Aug 04


Harington School is a step closer to becoming a reality.

In early July, the proposer schools, Uppingham Community College, Oakham School and Catmose College, were invited to attend an interview with the Department for Education (DfE) in London.

They answered questions from a panel of senior officials with extensive knowledge of free schools policy, and advisers from the fields of education, finance and business.

Principal at Catmose College, Stuart Williams, said “it was a particularly positive interview which gave us the opportunity to explore Harington School with the DfE and discuss Rutland’s need for an academic sixth form.”

After the interview, a representative from the DfE subsequently visited the area to assess the suitability of possible locations.

“This is a very important moment for education in Rutland. I am delighted that such serious consideration is being given to our proposal,” says Jan Turner, Principal at Uppingham Community College.

The proposed school aims to provide a rigorous A Level academic education for 300 local pupils (150 intake per year) at a time when the number of pupils aged 15-19 in Rutland is due to reach 3000 (by 2015).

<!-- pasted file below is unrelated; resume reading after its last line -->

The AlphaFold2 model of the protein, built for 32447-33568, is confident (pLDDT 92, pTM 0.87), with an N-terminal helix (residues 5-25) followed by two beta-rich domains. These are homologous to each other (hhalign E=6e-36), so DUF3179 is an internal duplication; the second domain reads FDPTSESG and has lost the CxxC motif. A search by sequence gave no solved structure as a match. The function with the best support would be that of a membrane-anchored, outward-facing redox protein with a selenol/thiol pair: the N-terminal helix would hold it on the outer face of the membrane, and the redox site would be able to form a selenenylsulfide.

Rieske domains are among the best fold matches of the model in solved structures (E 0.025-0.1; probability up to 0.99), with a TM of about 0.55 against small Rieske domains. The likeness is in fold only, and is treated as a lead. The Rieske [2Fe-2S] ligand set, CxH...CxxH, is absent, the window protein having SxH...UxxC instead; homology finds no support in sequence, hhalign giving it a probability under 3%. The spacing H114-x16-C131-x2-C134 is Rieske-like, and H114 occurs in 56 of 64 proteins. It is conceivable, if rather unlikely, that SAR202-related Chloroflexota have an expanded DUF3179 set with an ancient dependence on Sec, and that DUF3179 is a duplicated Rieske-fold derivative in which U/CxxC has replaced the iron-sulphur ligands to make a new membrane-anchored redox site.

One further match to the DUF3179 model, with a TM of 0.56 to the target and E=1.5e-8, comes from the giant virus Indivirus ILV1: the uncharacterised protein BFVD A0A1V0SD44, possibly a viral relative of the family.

Nigel Lashbrook, Headmaster at Oakham School, added, “Harington School will give young people in Rutland even more choice in how they develop academically post-16.”

The team will know if they are successful, or if there are any next steps, early in the autumn term.

If Harington School is approved by the DfE, the bid team’s next steps will be appointing the Head of School, finalising the site and appointing staff to deliver the curriculum.

Apr 01


Alan Duncan MP visits Catmose College

On Friday 21 March, Local MP Alan Duncan visited Catmose College and met with Stuart Williams.

They discussed the College’s progress and Mr Williams briefed Mr Duncan on the bid for Harington School.

Alan said: “I was very pleased to be able to visit Catmose College again. The school is clearly going from strength to strength and it is good to see the clear evidence of those improvements.”

Stuart Williams commented that “it was great to catch up with Alan and have the opportunity to discuss with him why Harington School is so important to the young people of Rutland, so that they can access a local provision that will enable them to be successful at our best universities.”

Mar 17


Oakham School backs Harington

We are pleased to announce that Oakham School is to join Catmose College and Uppingham Community College in sponsoring Harington School, the newly proposed Sixth Form Free School.